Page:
The craziness of the constantly shifting policies and directives has to be seen to be believed, and here at Casa Juan Diego, we see it up close. Last summer, the administration at first pretended that the children that they themselves took away from their parents actually were “unaccompanied minors.” Family? What family? So when the courts ordered them to reunite the families, they had a hard time matching up children with parents. The children had been issued separate Alien Identification numbers, and apparently nowhere did the government paperwork say who their family members were, let alone where they had been sent.

The good news is that the immigration folks have mostly figured out whom they sent where; the bad news is that they no longer transport or pay the transportation costs of reuniting the families they separated. Asylum seekers thankfully can now be released from detention if they meet a set of criteria, chief of which is having someone to sponsor them. The bad news is that ICE is arresting and deporting prospective sponsors who do not have their own paperwork in order. Policies are changed seemingly on a whim and are applied differently from one point of entry to another.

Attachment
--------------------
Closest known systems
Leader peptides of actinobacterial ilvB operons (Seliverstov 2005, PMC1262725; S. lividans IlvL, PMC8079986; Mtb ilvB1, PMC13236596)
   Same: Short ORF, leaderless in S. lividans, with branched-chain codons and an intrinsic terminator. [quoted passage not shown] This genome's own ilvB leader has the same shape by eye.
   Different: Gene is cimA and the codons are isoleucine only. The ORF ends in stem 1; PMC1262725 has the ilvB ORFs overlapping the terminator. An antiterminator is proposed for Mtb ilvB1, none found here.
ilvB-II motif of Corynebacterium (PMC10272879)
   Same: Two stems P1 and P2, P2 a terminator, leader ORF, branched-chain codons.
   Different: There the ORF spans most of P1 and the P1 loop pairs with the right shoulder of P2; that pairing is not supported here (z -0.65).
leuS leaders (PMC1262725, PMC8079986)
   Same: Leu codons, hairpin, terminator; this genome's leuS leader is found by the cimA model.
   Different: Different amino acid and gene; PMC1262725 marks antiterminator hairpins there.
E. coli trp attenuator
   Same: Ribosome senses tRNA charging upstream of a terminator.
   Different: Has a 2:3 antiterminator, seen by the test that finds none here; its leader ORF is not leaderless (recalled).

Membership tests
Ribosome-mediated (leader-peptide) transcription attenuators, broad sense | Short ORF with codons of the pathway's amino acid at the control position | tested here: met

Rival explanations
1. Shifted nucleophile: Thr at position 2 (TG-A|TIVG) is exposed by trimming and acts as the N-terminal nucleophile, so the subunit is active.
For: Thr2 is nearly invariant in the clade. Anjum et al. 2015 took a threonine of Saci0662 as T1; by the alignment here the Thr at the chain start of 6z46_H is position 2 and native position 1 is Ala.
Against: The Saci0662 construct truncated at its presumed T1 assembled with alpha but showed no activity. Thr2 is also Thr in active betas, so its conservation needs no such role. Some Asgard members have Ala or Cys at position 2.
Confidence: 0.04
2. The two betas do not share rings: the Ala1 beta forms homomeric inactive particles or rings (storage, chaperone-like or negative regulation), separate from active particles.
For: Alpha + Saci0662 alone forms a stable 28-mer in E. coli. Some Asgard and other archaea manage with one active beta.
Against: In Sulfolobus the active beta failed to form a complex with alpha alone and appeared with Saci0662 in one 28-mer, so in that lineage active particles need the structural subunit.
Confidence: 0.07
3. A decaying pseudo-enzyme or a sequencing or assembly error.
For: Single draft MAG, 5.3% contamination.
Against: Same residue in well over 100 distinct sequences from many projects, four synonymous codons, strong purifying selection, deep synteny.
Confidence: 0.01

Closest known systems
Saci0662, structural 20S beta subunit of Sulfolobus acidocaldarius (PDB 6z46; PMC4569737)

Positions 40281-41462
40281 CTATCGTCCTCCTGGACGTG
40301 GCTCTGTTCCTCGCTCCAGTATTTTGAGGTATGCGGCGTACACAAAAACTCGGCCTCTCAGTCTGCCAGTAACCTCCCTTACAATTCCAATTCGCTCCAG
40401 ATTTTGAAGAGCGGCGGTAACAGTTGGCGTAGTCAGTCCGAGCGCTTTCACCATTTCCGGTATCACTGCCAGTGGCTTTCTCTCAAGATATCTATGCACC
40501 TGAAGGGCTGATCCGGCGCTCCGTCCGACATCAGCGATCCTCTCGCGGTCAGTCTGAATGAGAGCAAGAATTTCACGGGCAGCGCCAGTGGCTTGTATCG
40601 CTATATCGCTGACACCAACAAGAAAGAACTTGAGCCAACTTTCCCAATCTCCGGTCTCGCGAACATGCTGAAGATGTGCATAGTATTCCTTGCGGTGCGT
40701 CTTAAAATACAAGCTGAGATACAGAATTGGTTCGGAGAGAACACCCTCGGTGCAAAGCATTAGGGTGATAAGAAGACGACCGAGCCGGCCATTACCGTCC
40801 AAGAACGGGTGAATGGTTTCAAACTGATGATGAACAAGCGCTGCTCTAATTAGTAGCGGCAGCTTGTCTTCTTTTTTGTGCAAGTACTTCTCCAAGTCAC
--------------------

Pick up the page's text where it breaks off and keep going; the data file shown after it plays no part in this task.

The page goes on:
by Angel Valdez

The one thing that does not change is that getting your kids back from wherever the government sent them is expensive. While I was standing in line at the local Kroger’s customer service desk in early December to get an $1,800.00 money order to fly a toddler from New York for reunification with her family in Houston, it did not feel like I was following some logical and necessary government policy. It felt like I was paying a ransom.